While we’ll never go back to the NES days where literally every game was a platformer, we’re in a period in gaming where platformers are pretty widespread, thanks to the indie studios. As such, new platformers need to figure out ways to stand out from the crowd. Some do it with level design, some do it with twists on the platforming formula, but most do it with a key mechanic. In the case of Switch – or Die Trying, that mechanic is ‘switching’, which makes your character grow in size and also gives you a second jump. Does it make for a new platforming experience? Let’s see
First of all, the main issue with the switch mechanic is that it is essentially a double jump. What’s more, it’s a clunky, contre-intuitive way to double jump. Usually double jumping is pressing jump once and then pressing jump a second time. Here, the second jump is a whole other button.
It’s worth noting that the switch doesn’t make you jump higher, it just grants you another jump as you’re falling. Also, when you ‘switch’ there are some levels in which something changes, like a platform disappearing. These levels were probably my favorite, as they fleshed the mechanic out and gave it some more depth. So, it’s not entirely fair to say the switch is just a double jump, but in a lot of levels it’s basically just that.
The game has a lot of really basic levels, but it does have a few where you need to navigate disappearing platforms and shoot away obstacles, so it does mix things up. However, these mix-ups are once again hampered by the game’s somewhat clunky jumping mechanics. The game has you using the switch to get over obstacles, but it also comes up with a way for you to use it with wall jumping. You jump away from the wall, then switch to jump right back towards the wall. Now picture yourself doing that a couple times in quick succession. Suffice to say, the wall jumping aspect is also not great.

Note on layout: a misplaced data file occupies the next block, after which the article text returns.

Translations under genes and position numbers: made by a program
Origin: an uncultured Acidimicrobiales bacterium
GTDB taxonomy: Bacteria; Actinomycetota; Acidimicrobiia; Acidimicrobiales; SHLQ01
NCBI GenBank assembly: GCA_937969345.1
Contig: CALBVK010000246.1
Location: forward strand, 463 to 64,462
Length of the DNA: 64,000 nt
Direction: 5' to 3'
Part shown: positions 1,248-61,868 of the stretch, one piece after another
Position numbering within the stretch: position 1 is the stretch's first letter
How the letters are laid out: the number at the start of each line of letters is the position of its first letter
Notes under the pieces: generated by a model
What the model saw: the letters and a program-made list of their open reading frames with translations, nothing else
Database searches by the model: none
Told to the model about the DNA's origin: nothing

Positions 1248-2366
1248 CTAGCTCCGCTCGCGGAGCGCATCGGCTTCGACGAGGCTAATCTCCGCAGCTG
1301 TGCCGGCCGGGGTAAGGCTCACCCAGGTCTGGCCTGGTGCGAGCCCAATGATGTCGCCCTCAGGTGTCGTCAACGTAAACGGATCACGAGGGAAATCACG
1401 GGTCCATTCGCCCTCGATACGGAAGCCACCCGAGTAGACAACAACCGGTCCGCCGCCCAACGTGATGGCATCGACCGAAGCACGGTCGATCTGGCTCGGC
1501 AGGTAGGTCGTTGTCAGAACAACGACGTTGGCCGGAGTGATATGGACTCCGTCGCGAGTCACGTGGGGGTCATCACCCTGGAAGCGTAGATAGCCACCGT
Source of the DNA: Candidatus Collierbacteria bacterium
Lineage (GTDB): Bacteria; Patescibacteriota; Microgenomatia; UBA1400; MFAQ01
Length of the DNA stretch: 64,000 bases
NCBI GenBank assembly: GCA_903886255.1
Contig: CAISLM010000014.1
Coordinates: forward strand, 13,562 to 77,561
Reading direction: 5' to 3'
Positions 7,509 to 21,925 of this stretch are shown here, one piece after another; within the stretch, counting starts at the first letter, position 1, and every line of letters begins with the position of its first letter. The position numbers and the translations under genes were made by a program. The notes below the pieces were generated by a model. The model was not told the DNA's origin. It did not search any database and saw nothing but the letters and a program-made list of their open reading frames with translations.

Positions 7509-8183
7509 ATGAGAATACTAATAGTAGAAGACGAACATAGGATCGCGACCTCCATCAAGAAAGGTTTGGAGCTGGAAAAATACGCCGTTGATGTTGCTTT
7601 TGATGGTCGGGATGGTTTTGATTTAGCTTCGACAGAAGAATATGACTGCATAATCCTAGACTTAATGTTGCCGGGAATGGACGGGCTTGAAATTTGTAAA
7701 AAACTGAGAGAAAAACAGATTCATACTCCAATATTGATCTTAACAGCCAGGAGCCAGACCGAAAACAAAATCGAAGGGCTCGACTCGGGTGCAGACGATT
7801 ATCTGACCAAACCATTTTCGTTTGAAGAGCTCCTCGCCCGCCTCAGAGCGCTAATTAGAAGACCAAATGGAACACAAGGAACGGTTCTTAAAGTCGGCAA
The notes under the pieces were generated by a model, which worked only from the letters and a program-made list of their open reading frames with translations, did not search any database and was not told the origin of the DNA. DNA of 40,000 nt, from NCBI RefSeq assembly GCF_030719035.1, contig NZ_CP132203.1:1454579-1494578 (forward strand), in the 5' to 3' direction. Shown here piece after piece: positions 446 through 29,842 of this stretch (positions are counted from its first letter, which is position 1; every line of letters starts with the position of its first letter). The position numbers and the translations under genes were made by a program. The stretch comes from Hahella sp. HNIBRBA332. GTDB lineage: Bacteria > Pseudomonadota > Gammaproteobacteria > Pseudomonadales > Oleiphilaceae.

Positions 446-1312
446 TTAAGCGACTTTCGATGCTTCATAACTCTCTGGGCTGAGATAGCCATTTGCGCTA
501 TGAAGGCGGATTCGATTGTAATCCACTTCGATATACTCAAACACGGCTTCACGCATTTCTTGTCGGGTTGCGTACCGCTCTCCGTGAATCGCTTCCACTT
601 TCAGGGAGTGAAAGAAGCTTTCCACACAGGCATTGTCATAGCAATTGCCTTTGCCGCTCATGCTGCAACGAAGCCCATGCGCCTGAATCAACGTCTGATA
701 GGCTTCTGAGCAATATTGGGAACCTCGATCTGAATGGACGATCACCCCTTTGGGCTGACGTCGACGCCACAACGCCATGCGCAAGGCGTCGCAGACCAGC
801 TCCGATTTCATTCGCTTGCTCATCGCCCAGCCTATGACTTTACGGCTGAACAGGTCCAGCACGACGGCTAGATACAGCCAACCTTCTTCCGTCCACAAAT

Ultimately, what Switch – or Die Trying manages to do is make the platforming experience clunkier and less fluid than it should be, and that kills a lot of the momentum. It has some good levels that stand out, but overall it’s far too basic.
Yooka-Laylee was reviewed using an PC digital code of the game provided by Threye Interactive. The main review was done on a PC running Windows 10, with an 8GB NVIDIA Geforce GTX 1070 fitted on a 4th Generation Intel i7 4790 3.6Ghz CPU and topped with 16GB of RAM. We don’t discuss review scores with publishers or developers prior to the review being published.
• Creative UI
• Simple controls
• Clever take on typography
• Switch mechanic feels shallow
• Clunky movement
• Basic level design